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For Penn State, 2021 Was a Missed Opportunity

Saturday's loss to Michigan State delivered a frustrating end to a maddening regular season.

Recall Oct. 9, when Penn State was 5-0 and led Iowa 17-3 early in the second quarter. Then quarterback Sean Clifford went from the field to the injury tent to the locker room. He did not return, and neither did Penn State's season.

The Lions' 30-27 loss to Michigan State on Saturday refreshed a season's worth of frustrations and complaints among players, coaches and fans alike: offensive line, run game and defensive breakdowns at critical moments. It also underscored what made this team impossible to count out each week: Jahan Dotson's magic, the defense's big-play ability and Clifford's heart.

And yet, Saturday's game in East Lansing seemed a proper finish to a disappointing regular season. From 5-0 to 7-5, with the losses being decided by an average of 4.2 points. Penn State's 2022 campaign will be remembered as one great missed opportunity. Perhaps not on par with 2017, but maddening nonetheless.

That said, some thoughts on Saturday's game and this season of lost chances.

First, it's not about the contract

James Franklin's new 10-year contract has nothing to do with Saturday's loss. It wasn't a contributing or ancillary factor, proved nothing about its merit and didn't saddle Penn State with an albatross. That will be determined in the future.

No doubt, though, this could be considered Franklin's most disappointing regular season in his eight years at Penn State. The first two seven-win seasons were sanctioned, and 2020 languished under the many restraints of COVID. Franklin had no such mitigating factors this year. He owns 7-5 in its totality.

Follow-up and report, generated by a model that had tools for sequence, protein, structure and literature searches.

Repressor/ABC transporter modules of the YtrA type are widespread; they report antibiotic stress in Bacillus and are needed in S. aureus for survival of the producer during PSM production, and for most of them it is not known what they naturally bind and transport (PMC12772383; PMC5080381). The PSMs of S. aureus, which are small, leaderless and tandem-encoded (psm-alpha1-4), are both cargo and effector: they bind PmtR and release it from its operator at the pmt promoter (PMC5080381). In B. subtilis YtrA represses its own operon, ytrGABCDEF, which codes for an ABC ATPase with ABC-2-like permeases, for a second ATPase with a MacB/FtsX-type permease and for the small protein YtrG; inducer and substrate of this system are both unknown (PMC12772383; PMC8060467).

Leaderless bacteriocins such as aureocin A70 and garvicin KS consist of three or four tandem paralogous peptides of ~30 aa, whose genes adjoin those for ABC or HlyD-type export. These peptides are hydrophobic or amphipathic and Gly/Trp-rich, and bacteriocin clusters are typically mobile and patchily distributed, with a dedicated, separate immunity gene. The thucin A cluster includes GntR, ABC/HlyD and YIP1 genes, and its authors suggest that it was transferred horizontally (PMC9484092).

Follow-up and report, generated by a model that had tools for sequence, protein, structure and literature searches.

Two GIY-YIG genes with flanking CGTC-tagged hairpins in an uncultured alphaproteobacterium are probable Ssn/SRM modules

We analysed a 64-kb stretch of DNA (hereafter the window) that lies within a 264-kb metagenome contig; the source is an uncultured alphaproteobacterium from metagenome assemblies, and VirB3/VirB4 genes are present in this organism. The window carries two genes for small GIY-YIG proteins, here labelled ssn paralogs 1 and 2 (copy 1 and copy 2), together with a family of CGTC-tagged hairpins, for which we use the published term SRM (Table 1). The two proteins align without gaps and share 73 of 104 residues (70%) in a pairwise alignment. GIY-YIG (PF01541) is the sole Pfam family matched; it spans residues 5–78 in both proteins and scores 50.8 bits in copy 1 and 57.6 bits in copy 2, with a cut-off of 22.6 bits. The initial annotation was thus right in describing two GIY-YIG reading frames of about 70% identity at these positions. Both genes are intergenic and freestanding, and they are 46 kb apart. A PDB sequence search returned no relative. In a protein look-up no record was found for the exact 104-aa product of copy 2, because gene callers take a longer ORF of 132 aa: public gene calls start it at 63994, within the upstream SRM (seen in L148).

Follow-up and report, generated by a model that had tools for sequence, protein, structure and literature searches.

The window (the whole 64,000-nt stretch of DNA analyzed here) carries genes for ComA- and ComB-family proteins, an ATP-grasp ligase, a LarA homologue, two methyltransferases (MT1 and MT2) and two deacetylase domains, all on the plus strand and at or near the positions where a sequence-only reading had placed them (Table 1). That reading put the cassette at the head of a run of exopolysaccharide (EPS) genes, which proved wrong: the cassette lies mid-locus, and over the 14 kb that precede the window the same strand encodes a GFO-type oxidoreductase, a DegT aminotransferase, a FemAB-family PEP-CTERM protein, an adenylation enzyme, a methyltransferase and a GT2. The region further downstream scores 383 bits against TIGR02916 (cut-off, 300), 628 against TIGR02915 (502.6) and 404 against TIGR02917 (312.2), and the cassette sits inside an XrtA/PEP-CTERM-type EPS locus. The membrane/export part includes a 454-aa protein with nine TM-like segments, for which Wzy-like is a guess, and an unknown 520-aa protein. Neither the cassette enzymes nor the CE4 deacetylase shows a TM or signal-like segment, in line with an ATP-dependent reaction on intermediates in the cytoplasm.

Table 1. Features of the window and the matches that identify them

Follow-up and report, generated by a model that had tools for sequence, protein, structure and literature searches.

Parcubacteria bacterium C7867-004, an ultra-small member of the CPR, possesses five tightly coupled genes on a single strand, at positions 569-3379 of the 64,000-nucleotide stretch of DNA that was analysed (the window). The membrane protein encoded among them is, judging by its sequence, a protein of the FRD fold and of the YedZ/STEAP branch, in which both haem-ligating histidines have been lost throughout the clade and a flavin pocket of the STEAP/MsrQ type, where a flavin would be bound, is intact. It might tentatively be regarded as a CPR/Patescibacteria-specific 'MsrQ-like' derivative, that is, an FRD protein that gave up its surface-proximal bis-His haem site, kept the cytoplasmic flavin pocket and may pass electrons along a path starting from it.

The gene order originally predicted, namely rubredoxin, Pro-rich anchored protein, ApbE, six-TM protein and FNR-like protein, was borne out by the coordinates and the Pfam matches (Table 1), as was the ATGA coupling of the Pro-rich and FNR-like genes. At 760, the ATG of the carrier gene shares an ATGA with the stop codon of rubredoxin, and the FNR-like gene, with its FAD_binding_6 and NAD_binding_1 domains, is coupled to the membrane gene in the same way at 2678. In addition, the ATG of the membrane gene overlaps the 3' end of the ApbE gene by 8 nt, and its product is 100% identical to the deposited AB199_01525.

Michigan State's Jayden Reed catches a touchdown pass against Penn State's Johnny Dixon. (Raj Mehta/USA Today Sports)

Michigan State's Jayden Reed catches a touchdown pass against Penn State's Johnny Dixon. (Raj Mehta/USA Today Sports)

Penn State's offense needs a thorough reconsideration

Offensive coordinator Mike Yurcich arrived with a thunderclap of expectation last winter. Franklin finally had the coordinator he coveted for several years. But the results didn't match the buildup.

Yurcich's offense did not score more than 30 points against a Power 5 opponent. Its scoring average is 26.4 points per game, the program's lowest since 2015. With a first-year starter in Clifford, and Ricky Rahne as the coordinator, Penn State's 2019 offense averaged 35.8 per game.

Penn State generated fewer than 100 yards rushing in seven of 12 games. It has not produced a 100-yard rusher, potentially for the first time since 1978.

"Year's not over yet," Franklin said curtly after the game.

The sticking point, however, has been Franklin's insistence on running into this headwind the entire season — and again Saturday. Certainly, the increasingly snowy conditions made throwing more difficult as the game wore on.

But Michigan State's Payton Thorne managed to complete 12 of 19 passes for 140 yards in the second half, despite the pick-6 he threw straight to Penn State's Daequan Hardy. The Lions, meanwhile, ran 25 times and threw 13 in the second half — after Clifford had thrown for 173 yards in the first half.

"We were trying to mix the run game in all day long, to try to help our offensive line in protection," Franklin said. "But obviously we weren't able to run the ball consistently when we needed to."

Later, Franklin repeated his primary takeaway of 2022: "I want to be able to run the ball."

He and Yurcich seemed to engage in a season-long push-pull regarding the run game. Franklin has said he prods Yurcich in-game to run more; Yurcich, meanwhile, appeared to prefer throwing with Clifford, particularly in short-yardage situations.